GDPR represents a step change in privacy rights across Europe, a report from law firm DAC Beachcroft claims

The rush to monetise personal data represents a “new oil” matched by its toxicity in the environment under increasingly harsh data privacy rules, according to DAC Beachcroft.

Europe’s General Data Protection Regulation (GDPR), applicable from 25 May 2018, is the major focus of the “Big Data” study.

GDPR introduces new provisions that will “dramatically change” the risks and potential liabilities facing data processors and controllers, reported the law firm.

“We live in the age of Big Data,” said the foreword from DAC Beachcroft partners Hans Allnutt and Rhiannon Webster.

“The ability to capture, analyse and utilise massive troves of data has increased exponentially thanks to technological advancements over the past twenty years,” they continued.

“Companies that have been able to monetise data, particularly personal data, have achieved the greatest growth. It is no wonder that personal data has been described as the “new oil” and we are in the boom,” added the foreword.

The effect of the GDPR on organisations that rely on personal data “cannot be underestimated”, Allnutt and Webster warned, in the report, entitled “Personal Data: the new oil and its toxic legacy under the General Data Protection Regulation”.

“A theme of our findings was that sanctions and litigation will increase across Europe,” said the report’s foreword, adding that “those organisations that are not prepared to deal with its toxic legacy will be hit hard”.

Dac beachcroft data report gdpr

Data privacy fines in Europe vary wildly, the report explained, but that harmonisation under GDPR will “dramatically” increase the degree of potential penalties that can be levied.

“First, the level of fines will increase significantly for most member states: up to €20m or 4% of annual worldwide turnover, whichever is the highest,” noted the report.

“Second, it will clarify that each member state’s supervisory authority is able to issue such fines,” the law firm continued.

“Third, harmonisation should, in theory, be enforced by the European Data Protection Board, which will supervise the application of sanctions across all member states,” the study added.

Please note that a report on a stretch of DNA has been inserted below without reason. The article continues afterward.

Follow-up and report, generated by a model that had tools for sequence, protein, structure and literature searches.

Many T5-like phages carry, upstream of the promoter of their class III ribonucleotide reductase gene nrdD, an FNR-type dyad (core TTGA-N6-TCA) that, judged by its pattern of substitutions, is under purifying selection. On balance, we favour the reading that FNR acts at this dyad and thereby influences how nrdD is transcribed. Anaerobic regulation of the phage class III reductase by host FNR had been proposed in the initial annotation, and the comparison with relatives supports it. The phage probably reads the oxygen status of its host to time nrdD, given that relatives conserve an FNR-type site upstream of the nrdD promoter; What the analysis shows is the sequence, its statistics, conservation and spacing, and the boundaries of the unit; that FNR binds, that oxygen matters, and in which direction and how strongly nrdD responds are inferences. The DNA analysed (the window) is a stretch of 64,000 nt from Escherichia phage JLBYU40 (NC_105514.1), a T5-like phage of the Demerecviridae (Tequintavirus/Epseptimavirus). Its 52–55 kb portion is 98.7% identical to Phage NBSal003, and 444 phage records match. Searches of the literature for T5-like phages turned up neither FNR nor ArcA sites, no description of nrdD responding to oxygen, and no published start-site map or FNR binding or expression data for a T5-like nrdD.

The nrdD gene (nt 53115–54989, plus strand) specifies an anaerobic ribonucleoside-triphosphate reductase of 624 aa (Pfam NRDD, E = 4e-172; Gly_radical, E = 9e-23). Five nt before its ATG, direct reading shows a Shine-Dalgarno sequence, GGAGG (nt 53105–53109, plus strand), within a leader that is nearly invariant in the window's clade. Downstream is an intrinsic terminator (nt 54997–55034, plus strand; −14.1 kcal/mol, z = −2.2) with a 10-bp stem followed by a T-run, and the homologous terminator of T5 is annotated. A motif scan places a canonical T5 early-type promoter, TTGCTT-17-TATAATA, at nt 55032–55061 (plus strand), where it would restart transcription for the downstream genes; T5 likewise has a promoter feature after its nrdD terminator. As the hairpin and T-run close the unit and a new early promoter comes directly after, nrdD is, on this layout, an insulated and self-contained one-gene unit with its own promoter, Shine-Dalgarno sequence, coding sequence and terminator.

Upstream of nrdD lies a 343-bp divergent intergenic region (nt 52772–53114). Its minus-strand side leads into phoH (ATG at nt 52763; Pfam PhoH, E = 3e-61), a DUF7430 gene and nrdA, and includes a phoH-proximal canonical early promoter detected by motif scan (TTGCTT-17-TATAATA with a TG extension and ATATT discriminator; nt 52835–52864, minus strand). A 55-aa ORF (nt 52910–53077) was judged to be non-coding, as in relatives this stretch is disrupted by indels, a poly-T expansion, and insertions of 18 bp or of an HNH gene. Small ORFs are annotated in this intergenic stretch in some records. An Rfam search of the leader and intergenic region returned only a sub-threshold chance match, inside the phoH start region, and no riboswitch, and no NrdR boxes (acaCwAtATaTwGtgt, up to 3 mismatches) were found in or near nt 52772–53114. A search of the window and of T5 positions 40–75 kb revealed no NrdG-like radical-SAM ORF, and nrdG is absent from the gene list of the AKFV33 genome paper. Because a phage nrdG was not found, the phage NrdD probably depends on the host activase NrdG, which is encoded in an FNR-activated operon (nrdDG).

The next few years of harmonisation will be challenging, DAC Beachcroft emphasised.

“If harmonisation is not achieved under the GDPR, at least in the early years, there is a risk that this could lead to data heavy organisations taking a strategic decision to relocate their central administration or main processing activities to more lenient jurisdictions,” added the report.

Compensation is also “fragmented” in Europe, for those whose personal data is caught up in corporate transgressions.

Under the regulation’s article 80, data subjects have the right to appoint certain nonprofit bodies to lodge a complaint on their behalf, and exercise their right to compensation.

“Whilst it remains to be seen exactly how this will be put into practice in each member state, it does raise the possibility of group litigation,” the law firm warned.

GDPR’s article 82 empowers data subjects to claim compensation for material and non-material damage resulting from an infringement of the rules, from both controllers and processors.

“While this represents the status quo in some member states, for a number of member states this either extends or introduces the right to compensation for breaches of data protection legislation,” said DAC Beachcroft’s report.

“It is clear, however, from our study that the GDPR will trigger a wave of increased litigation and compensation claims across most of Europe. Unsurprisingly, this change may be most pronounced in jurisdictions where the litigation cost regime is more favourable to claimants,” the legal firm added.